I review this superb “visual delight” book by Bazil Shaikh: The Conjuror’s Trick – An interpretive history of Paper Money in India. The book is published by Marg Publications in December 2020. A Visual Delight history of Indian Paper Money Amol Agrawal The Conjuror’s Trick: An interpretive history of Paper Money in India, Bazil Shaikh, Marg Publications, December 2020. Post Demonetization- 2016, I became highly interested in history and evolution of currency (Indian and global). In this regard, I came across an insightful RBI Museum monograph written by Bazil Shaikh. I also learnt that Basil Shaikh was instrumental in design of RBI’s Museum in Mumbai. I became an instant Basil fan as the monograph had a superb picturesque account of evolution of Indian Rupee. I tried to get a
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I review this superb “visual delight” book by Bazil Shaikh: The Conjuror’s Trick – An interpretive history of Paper Money in India. The book is published by Marg Publications in December 2020.
A Visual Delight history of Indian Paper Money
The Conjuror’s Trick: An interpretive history of Paper Money in India, Bazil Shaikh, Marg Publications, December 2020.
Post Demonetization- 2016, I became highly interested in history and evolution of currency (Indian and global). In this regard, I came across an insightful RBI Museum monograph written by Bazil Shaikh. I also learnt that Basil Shaikh was instrumental in design of RBI’s Museum in Mumbai. I became an instant Basil fan as the monograph had a superb picturesque account of evolution of Indian Rupee. I tried to get a personal copy but the copies were out of print.
I could not be more delighted to discover Bazil Shaikh’s new book on history of paper money in India which is even more comprehensive and rich in content and pictures. It is truly a collector’s delight. The only glitch is the steep price of the book (Rs 1800) which could become a barrier for the book not becoming a bestseller.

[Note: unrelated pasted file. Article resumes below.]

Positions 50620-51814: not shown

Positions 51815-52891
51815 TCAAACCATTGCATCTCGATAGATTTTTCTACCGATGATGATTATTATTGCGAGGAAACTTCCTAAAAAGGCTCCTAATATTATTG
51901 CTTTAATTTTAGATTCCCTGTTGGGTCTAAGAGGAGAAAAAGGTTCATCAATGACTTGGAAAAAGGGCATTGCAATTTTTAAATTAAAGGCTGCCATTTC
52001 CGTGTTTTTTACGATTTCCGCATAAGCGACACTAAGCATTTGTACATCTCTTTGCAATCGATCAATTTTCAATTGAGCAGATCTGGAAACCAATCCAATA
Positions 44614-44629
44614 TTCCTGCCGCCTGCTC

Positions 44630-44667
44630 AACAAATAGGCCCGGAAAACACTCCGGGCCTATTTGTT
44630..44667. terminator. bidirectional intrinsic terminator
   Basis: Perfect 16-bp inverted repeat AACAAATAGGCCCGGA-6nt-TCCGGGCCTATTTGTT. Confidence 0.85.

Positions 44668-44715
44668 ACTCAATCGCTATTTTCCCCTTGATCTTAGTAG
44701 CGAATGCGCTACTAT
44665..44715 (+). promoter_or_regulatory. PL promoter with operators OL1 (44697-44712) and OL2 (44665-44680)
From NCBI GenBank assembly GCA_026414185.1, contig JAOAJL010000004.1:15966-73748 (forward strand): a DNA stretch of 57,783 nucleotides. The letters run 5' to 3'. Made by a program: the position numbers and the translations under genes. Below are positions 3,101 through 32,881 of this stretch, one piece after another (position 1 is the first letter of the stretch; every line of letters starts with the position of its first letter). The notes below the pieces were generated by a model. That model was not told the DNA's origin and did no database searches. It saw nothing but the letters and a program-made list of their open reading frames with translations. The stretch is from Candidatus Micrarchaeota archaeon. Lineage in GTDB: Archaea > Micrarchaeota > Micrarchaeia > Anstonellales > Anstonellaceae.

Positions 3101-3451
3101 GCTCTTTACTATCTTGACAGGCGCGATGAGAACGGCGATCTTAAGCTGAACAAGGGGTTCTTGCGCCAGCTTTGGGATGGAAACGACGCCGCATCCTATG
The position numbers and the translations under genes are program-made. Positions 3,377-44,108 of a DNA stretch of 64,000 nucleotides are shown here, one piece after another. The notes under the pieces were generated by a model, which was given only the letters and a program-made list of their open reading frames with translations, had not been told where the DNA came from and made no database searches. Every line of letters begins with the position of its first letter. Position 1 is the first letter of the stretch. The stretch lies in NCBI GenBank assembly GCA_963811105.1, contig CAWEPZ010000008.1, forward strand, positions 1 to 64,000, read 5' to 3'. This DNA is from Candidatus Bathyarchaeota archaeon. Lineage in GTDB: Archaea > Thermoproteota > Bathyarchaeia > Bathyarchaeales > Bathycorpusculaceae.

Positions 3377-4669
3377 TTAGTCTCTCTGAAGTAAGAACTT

Dr. Y.V Reddy has penned foreword for the book calling it a “visual delight that informs, educates and interprets. Offering a delectable read to both the studious and the curious”. Indeed!
Shaikh’s book is divided into 9 chapters which are like a delicate thread weaving the narrative from one chapter to another.
Chapter 1 gives an overview of different forms of money and people that shaped these currencies (all men barring pictures of Queens on some of the notes). Before the advent of paper as a currency form, several other commodities had circulated as money such as cowrie shells, grains, salt etc. Once humans discovered precious metals such as silver and gold, these metals replaced all forms of money. Overtime, Lydians, Chinese and Indians standardized the metals to develop coins which continues to remain one of the dominant forms of money even till today.
Paper Money was first seen in China under the Tang Dynasty around seventh century. These notes were not used for trade but for graves! The Chinese kept burial notes in graves so the dead could use them afterlife or during reincarnation.
Later dynasties such as Song Dynasty (906-1279) understood that paper can be used as money even by the living person (J). The wealthy Chinese merchants started issuing printed paper notes backed by monetary reserves. These printed notes had two features which continue till date. One they had images of houses, trees, humans etc. Two the merchants overissued notes leading to bankruptcies and authorities abolishing private issuance in favor of government issuance.
In Europe, Sweden was the first country to experiment paper currency in 1657 issued by a private bank which faced crisis of overissuance. The Swedes established a new bank in 1668 which became the world’s first central bank as well. The British formed Bank of England three decades later in 1694 to fund wars with French which issued notes along with private banks.
The paper money came to India via the British banks. Before we get there, we need to ask two questions.
At this juncture we need to pause and ask two questions.
First, why is it that these hundis which were similar to Chinese bills did not become paper money? The book cites two reasons. First, hundis did not circulate amidst public and was limited to merchants. Second, hundi issuing indigenous banks did not accept deposits. Third, they also considered issuing notes as borrowing from public which was detrimental to their reputation.